One must always remember that Iran was always also Persia, and the small national archeological museum, where we see relics Persepolis and a few pots and pans, plus statues of long dead pagan princes. Interesting stuff, then we head out to the Qajar palaces, which are in the old part of town.

The Qajars, who ruled from 1795 to 1925, are the fount of all Persia/Iran's troubles. They had heard stories of the great wealth and beauty of the European west, and later on, Shah Nasir Al-Din actually went there and was thunderstruck with the pomp and circumstance of European courts. So he raised taxes to crippling levels, even among muslims, and later started selling off the country's natural resources in order to build more splendiforous palaces and plant more formal gardens and parks.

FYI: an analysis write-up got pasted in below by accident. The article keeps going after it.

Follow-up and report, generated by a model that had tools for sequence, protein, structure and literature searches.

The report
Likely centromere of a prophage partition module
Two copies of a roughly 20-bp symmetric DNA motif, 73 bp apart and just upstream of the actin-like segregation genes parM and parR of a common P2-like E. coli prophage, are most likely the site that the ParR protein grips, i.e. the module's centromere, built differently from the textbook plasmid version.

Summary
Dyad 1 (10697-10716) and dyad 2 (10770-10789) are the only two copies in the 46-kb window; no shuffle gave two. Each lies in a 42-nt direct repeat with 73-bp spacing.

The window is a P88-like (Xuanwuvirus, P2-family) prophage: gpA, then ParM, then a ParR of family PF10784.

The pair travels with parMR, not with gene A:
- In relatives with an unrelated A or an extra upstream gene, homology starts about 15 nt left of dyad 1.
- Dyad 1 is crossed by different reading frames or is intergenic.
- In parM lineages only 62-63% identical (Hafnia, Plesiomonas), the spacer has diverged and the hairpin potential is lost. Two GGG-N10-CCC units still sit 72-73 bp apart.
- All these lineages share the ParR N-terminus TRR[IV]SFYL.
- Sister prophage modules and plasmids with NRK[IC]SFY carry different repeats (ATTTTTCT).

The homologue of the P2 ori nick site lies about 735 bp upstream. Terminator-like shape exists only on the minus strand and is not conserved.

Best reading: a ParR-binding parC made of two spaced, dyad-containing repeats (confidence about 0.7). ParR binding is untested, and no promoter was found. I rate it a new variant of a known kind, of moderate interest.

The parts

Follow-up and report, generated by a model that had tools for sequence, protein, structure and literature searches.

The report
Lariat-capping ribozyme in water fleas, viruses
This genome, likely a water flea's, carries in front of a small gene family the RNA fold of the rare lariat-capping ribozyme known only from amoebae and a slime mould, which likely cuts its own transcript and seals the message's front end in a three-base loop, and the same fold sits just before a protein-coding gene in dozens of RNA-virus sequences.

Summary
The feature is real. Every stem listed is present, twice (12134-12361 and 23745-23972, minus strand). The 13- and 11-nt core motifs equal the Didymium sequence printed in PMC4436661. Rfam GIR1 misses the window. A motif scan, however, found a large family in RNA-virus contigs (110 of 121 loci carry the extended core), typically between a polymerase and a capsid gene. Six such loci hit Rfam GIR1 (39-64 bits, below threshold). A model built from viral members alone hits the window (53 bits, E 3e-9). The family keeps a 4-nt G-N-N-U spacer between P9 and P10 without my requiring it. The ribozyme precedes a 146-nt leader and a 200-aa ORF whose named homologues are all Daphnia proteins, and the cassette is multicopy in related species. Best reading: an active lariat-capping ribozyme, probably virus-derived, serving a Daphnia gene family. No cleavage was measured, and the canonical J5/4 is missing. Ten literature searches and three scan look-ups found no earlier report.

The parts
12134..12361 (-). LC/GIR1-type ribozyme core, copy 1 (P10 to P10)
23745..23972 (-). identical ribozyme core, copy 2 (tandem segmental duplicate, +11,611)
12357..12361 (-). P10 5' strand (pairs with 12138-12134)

These people weren't as dumb as they seemed. They weren't babies being bamboozled out of inheritance. They were thrilled with the income that the future BP was sending them for the oil that was drilled and refined at the company's expense.

The result was a bit on the kitchy side. The paintings on the walls look like a cross between Russian Icons and the tops of old cigar boxes. They also used lots of broken glass.

The Pahlavis, Riza Khan and his son, THE Shah, abandoned these and built more modern digs. These are much nicer to the modern eye, although that autographed photo of Adolph Hitler prominently displayed in the foyer near the Shah's office is a bit disconcerting. Outside, of course there's a park, with lots of people hanging out in the shade, and it's here that I first heard the first dissenting declaration by the local citizenry, "I want the SHAH BACK!" said an old woman.